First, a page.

I’m looking into adding Leopard to our Ball Python collection to try to breed some Leopard Freeways (probably will be looking for a Leopard Yellow Belly or Leopard Ivory). So I’ve been looking at TONS of Leopards on MM to try to get an idea of what sort of Leopard I like the best. I really like the ones with the wildest patterns, with lots of big “holes” in super scrambled alien heads! But then I got to wondering - is an individual Leopard’s pattern based solely on the line of Leopard you have? Maybe it’s more complicated than that? If I buy a Leopard with big “holes” and a super scrambled pattern, will all of its Leopard babies have a similar look? Or are there other things (aside from other pattern-altering morphs, obviously) at play?? Like maybe the snake’s base “normal” pattern genetics influence what kind of design the Leopard morph creates?
Does that even make sense? Once again I’m finding myself struggling to put my ideas into words.
But if anybody understands what I’m trying to say, and has some experience with breeding pattern-altering morphs, I would love to understand a bit better!
There are all kinds of leopards out there. It sounds like you are partial to the ones where the pattern is clearly disrupted and twisted. If you get an animal like that, then it is a pretty good bet that many of its offspring will have similar characteristics. I wouldn’t start with a low expression Leopard. Get the one that looks most like what you desire. That said, this is nature so there are still going to be some animals that may be a milder expression of the leopard. It’s kind of like Pied in that a medium white Pied may throw other medium white Pieds, but it may also throw low white or high white as well.
I hope that answers your question.,
For the most part, baby snakes tend to look like their parents. So if you buy a leopard with a look you like you will likely get more of the same! However, it also depends on what you breed it to. Results can vary dramatically when pairing the same snake with a different male or female.
It sounds like you like your leopards on the busy side, so it might be a good idea to avoid pairing any leopard(s) you get with pattern reducers like enchi, blade, and tiger. I say this because, for some lines of these genes, the pattern reduction associated with them can extend to the entire clutch. For example, I have a lot of enchi stuff with a lovely reduced pattern, but it does affect the entire clutch. So even normals and other morphs have come out with a reduced pattern when bred to some of my enchis.
On the flip side, some of my busier females tend to produce busy babies even when bred with my enchis. I’ve produced leopards with a wide variety of looks solely because of the variety of patterns within my collection. What you pair them with makes a big difference!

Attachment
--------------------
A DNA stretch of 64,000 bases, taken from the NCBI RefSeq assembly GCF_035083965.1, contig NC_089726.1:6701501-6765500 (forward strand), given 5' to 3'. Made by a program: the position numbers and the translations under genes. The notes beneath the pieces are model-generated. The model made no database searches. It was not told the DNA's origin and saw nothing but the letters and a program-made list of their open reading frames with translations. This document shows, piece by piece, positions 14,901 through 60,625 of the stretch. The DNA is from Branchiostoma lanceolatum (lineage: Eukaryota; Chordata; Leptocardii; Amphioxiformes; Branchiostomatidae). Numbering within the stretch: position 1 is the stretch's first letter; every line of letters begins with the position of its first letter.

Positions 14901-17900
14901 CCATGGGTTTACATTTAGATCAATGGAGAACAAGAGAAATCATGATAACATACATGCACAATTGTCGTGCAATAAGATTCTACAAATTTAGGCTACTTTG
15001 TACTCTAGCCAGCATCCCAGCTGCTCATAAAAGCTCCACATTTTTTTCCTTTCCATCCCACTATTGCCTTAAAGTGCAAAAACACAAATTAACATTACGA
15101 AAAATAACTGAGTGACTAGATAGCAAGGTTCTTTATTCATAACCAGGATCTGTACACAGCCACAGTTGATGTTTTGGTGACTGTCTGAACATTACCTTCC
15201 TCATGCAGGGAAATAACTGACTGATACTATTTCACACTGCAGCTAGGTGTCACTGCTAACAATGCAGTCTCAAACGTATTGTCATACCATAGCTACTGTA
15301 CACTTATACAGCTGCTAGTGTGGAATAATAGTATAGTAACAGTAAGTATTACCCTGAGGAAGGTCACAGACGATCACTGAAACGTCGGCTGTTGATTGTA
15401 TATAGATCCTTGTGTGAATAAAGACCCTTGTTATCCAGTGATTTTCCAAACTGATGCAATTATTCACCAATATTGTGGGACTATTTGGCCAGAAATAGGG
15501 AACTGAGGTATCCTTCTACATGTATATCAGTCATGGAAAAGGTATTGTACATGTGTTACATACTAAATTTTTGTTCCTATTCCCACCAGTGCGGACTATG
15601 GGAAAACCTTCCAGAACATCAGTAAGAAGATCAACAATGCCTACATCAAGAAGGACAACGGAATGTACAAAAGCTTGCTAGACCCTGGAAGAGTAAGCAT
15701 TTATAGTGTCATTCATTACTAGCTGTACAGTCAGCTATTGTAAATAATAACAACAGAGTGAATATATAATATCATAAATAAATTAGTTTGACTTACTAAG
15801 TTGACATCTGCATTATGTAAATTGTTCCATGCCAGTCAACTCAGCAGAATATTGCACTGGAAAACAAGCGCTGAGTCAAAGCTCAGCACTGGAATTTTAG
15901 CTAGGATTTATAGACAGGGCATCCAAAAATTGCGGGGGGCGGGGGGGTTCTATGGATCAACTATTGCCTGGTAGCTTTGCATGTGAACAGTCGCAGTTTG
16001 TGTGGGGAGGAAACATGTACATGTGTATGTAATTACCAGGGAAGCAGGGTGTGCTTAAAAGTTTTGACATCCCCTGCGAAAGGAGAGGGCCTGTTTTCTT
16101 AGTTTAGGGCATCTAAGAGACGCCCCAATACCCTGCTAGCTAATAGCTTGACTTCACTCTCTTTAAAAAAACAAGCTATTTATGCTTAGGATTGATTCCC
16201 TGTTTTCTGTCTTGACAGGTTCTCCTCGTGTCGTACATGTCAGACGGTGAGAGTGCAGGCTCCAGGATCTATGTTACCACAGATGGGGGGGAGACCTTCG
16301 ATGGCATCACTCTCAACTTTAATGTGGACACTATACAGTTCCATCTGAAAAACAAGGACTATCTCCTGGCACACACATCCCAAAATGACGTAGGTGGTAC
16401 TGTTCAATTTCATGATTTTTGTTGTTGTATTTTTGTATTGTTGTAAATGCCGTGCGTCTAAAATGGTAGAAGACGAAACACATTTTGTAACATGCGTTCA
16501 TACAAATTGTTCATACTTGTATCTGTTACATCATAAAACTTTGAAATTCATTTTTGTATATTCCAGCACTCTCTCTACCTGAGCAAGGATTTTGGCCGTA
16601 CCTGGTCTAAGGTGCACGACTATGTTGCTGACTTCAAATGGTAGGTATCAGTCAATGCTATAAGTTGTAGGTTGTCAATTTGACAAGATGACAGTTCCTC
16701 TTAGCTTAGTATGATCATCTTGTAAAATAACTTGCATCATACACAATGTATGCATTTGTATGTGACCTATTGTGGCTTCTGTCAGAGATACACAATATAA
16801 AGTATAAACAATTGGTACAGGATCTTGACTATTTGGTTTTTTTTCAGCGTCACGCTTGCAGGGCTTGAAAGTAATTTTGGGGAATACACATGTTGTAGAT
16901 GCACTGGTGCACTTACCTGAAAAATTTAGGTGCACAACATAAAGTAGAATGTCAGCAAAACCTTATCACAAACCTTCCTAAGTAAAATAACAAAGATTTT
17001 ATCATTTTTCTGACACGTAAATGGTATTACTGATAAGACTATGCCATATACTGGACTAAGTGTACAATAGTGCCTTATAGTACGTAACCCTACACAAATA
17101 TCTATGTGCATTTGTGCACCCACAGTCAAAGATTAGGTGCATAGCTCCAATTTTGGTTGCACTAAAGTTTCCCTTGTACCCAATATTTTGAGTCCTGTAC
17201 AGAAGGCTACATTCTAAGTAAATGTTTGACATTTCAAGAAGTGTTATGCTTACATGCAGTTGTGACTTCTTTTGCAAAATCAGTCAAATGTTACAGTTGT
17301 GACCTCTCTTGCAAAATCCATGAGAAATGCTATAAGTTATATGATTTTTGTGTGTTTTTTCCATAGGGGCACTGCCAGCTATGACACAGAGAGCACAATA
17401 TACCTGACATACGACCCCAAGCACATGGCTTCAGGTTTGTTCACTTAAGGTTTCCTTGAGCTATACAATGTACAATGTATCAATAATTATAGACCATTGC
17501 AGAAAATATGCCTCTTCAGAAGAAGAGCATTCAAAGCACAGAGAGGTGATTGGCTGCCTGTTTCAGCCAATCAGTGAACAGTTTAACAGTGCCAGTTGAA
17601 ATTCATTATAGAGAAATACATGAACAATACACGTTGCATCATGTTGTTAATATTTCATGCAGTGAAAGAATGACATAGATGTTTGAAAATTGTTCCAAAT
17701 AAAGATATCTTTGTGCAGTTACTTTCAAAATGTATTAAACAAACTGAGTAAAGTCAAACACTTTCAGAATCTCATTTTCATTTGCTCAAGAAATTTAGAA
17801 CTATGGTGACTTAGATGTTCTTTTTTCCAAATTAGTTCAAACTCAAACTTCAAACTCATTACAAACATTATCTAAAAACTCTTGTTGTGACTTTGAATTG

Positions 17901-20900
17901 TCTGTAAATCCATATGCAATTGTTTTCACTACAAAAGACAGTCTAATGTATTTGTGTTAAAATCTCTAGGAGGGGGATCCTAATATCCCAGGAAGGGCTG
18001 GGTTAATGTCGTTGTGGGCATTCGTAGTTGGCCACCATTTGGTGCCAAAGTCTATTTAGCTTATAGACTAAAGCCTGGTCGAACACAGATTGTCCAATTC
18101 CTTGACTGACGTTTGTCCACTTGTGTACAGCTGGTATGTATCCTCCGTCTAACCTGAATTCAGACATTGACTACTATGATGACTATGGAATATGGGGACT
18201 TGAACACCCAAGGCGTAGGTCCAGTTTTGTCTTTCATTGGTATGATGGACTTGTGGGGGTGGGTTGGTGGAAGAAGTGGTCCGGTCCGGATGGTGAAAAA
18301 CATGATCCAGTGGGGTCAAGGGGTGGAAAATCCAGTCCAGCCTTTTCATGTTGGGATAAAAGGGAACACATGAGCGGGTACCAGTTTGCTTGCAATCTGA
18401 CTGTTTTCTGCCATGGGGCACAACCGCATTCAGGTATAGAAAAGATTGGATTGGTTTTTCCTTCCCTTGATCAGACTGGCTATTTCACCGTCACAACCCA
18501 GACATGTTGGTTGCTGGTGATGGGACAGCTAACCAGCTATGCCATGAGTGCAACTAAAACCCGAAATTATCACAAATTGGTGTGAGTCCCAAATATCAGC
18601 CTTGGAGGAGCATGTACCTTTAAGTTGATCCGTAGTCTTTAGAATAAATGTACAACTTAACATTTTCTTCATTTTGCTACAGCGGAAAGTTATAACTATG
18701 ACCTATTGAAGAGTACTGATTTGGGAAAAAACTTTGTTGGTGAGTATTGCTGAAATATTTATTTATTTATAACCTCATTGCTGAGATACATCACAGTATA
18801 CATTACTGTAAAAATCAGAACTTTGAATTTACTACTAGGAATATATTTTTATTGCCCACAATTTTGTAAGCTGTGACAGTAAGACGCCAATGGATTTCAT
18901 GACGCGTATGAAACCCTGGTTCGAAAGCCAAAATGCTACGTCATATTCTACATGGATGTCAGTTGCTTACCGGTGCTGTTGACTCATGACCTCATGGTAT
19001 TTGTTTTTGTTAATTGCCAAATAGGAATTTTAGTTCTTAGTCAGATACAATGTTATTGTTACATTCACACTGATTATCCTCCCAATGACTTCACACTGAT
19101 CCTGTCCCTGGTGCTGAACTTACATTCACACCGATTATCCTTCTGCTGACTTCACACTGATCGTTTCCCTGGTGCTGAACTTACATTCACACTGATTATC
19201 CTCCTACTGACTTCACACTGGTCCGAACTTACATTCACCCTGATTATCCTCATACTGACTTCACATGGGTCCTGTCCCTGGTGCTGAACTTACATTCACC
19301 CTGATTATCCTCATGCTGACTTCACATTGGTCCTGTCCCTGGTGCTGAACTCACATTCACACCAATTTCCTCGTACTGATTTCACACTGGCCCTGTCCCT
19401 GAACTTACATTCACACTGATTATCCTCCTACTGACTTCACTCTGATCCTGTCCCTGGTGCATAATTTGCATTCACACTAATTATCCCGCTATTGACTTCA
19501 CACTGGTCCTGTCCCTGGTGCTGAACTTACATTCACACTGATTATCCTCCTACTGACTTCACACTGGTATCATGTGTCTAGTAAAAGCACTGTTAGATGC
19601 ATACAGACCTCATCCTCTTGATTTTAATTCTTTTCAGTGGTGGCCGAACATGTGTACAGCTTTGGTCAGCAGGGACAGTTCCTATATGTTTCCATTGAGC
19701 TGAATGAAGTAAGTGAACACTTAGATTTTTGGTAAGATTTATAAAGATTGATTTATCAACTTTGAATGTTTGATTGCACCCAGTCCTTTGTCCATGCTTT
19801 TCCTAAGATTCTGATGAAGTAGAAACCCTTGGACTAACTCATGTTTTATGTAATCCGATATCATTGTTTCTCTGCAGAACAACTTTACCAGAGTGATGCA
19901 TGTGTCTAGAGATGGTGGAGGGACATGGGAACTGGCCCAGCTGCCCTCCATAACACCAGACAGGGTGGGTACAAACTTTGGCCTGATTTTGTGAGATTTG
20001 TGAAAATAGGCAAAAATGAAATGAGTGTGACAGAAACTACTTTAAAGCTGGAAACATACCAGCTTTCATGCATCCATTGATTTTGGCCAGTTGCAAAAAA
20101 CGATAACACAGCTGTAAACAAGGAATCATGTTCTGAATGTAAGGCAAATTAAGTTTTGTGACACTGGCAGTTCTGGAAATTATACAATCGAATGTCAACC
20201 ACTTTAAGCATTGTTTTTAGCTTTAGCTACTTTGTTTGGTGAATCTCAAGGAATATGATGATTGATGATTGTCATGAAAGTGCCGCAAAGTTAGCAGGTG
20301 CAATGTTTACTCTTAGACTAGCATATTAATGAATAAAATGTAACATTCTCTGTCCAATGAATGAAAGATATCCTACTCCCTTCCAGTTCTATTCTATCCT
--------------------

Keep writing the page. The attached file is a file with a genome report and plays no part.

Polygenic traits aren’t widely talked about with ball pythons, but things like the business or reduction of pattern can certainly be line bred for, so you’ll want to be mindful of that if there’s a particular look you’re going for.
That is just what I was looking to learn - thank you! So if I understood correctly, it sounds like a snake’s individual “normal” pattern and color controlling genes heavily influence how the morphs express themselves. That makes sense. So with certain very nice lines of morphs, it’s not necessarily that the morph genes themselves are different - it’s the other genes in the snake that mix differently with the morph genes? Am I on the right track? So a very light Pastel is very light not because it has a different variety of the Pastel morph, but because of how it’s other genetics mix with Pastel? Like maybe if you removed the Pastel morph from this snake, it would be a very light sort of normal?
If that is correct, I suppose I can assume that if I bought a very busy Leopard and bred it to, say, a pretty average normal, the normal babies from the pairing would likely have a busier pattern than their normal parent. Or if I had an Enchi with a heavily reduced pattern, its normal babies would likely have a slightly reduced pattern.
Did I get that all right?
So if I find a nice busy Leopard, and I want busy Leopard babies, I should pair it with other more busy-patterned snakes and my chances will be good - correct?
I have said it before in various places but, beyond the simple Mendelian genetics that everyone in the hobby is passingly familiar with, collections as a whole tend to be “genetic”. There are ~30,000 genes in these animals in addition to the one or two or however many blatant morph genes we have in any given pairing. We all have our own specific likes/dislikes in how our animals look so we tend to hold back those that most closely match our personal preferences. The genes responsible for those specific looks tend to become enriched in our individual collections over time. For example, I have a predilection toward stripes, so most of the animals in my collection are striped and tend to throw striped babies. I still get random oddballs but I can usually pinpoint the ‘why’ of those (one of my holdbacks from a couple seasons ago has a very defined bald-back, but that is because it carries both Enchi and OD and I have been selecting for examples of those that are more patterned on the laterals which pulls away form back stripes)
Wow, thank you very much! More great information. This forum is awesome!!
You’ve reminded me of something else I was wondering about recently - while I was looking at Leopards I came across one with a backstripe that was labeled a “Striped Leopard.” It was the only one I saw labeled this way, and all the other single morph Leopards had no backstripe, so it got me wondering if whether it was misidentified, or if striping on Leopards was just incredibly rare. Do you happen to know?
Stripes on Leos happens fairly frequently, especially in certain combinations